The UK Government is bringing forward legislation to allow small and medium-sized businesses and employers to reclaim Statutory Sick Pay (SSP) paid for sickness absence due to coronavirus. The eligibility criteria for the scheme will be as follows: This refund will cover up to two weeks’ SSP per eligible employee who has been off work because of COVID-19 Employers with fewer than 250 employees will be eligible – the size of an employer will be determined by the number of people they employed as of 28 February 2020

  • Employers will be able to reclaim expenditure for any employee who has claimed SSP (according to the new eligibility criteria) as a result of COVID-19
  • Employers should maintain records of staff absences and payments of SSP, but employees will not need to provide a GP fit note
  • The eligible period for the scheme will commence the day after the regulations on the extension of Statutory Sick Pay to those staying at home comes into force
  • The government will work with employers over the coming months to set up the repayment mechanism for employers as soon as possible.

Q Is further support needed from the UK Government?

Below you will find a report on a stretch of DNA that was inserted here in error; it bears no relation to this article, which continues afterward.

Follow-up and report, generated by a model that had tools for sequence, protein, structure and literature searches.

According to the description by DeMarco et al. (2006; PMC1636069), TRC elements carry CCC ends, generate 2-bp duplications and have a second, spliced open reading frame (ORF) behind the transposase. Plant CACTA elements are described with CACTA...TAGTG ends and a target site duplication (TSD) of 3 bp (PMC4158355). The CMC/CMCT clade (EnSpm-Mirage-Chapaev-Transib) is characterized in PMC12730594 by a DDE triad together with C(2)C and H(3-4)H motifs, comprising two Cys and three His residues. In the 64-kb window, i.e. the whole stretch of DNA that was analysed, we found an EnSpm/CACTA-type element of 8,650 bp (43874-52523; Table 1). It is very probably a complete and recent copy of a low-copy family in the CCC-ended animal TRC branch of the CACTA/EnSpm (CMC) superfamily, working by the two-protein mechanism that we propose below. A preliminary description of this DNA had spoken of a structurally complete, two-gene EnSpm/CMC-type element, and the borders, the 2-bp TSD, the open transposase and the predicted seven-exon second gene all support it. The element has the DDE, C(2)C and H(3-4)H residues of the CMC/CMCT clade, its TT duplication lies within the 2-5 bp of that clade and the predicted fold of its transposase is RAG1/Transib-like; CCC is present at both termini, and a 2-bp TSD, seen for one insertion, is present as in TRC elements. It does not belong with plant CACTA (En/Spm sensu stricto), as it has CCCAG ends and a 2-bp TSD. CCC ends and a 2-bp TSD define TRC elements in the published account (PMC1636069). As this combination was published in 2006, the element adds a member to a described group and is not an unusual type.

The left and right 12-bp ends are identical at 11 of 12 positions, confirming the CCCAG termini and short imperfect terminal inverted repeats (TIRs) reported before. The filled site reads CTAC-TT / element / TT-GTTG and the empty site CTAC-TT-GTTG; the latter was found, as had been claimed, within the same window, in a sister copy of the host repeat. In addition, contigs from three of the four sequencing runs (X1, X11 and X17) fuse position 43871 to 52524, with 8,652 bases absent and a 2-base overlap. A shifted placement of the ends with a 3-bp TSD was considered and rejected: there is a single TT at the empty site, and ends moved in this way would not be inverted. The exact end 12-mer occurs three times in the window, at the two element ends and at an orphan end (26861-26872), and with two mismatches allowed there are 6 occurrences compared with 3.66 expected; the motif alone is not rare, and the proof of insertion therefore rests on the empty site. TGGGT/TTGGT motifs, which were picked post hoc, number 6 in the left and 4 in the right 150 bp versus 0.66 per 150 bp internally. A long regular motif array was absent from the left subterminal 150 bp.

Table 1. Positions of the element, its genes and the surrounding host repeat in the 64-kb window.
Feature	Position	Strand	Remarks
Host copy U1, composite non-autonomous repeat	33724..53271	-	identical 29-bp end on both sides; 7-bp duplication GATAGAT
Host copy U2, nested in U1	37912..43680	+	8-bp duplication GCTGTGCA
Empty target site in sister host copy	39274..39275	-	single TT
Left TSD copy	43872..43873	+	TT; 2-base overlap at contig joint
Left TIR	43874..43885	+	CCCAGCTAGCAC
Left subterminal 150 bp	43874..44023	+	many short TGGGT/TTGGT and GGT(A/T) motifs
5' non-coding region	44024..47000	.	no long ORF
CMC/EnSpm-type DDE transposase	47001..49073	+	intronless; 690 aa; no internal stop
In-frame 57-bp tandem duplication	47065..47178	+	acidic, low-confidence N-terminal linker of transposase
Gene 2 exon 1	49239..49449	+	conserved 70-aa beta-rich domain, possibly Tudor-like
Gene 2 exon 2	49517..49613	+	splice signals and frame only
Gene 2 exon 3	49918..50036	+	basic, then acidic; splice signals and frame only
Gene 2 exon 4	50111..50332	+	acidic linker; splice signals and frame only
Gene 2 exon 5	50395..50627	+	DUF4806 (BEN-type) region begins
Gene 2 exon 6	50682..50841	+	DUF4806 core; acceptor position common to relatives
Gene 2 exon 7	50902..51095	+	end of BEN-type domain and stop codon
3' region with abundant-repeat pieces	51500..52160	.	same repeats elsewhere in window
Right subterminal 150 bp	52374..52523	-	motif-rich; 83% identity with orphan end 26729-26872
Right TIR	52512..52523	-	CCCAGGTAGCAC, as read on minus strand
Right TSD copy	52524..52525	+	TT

We believe the UK Government needs to be more ambitious in its support for business. The First Minister wrote to the Chancellor setting out a range of UK-wide interventions he could take to support the economy during the coronavirus outbreak (a copy of the letter is available via the @FMWales Twitter account).

We believe the UK Government should be considering a National Insurance holiday and financial support for wages.

Q Where can businesses get help and advice?

Coronavirus and Schools

Q When are schools in Wales closing?

Schools across Wales will close for the statutory provision of education by 20 March 2020.

Education Minister Kirsty Williams’ statement is available at

Q Why are schools closing?

We are acting on a change of expert advice and increasing numbers of staff who are self-isolating.

Q When will schools open again?

We cannot assume schools will re-open for normal classes after the Easter break – this situation is being kept under constant review.

From next week, schools will have a new purpose. They will help support those most in need, including people involved in the immediate response to the coronavirus outbreak. We are working across government and with local government to develop and finalise these plans.

The key areas we are looking at are supporting and safeguarding the vulnerable and ensuring continuity of learning. We are looking in detail at how we can support and safeguard all those who benefit from free school meals and children with additional learning needs.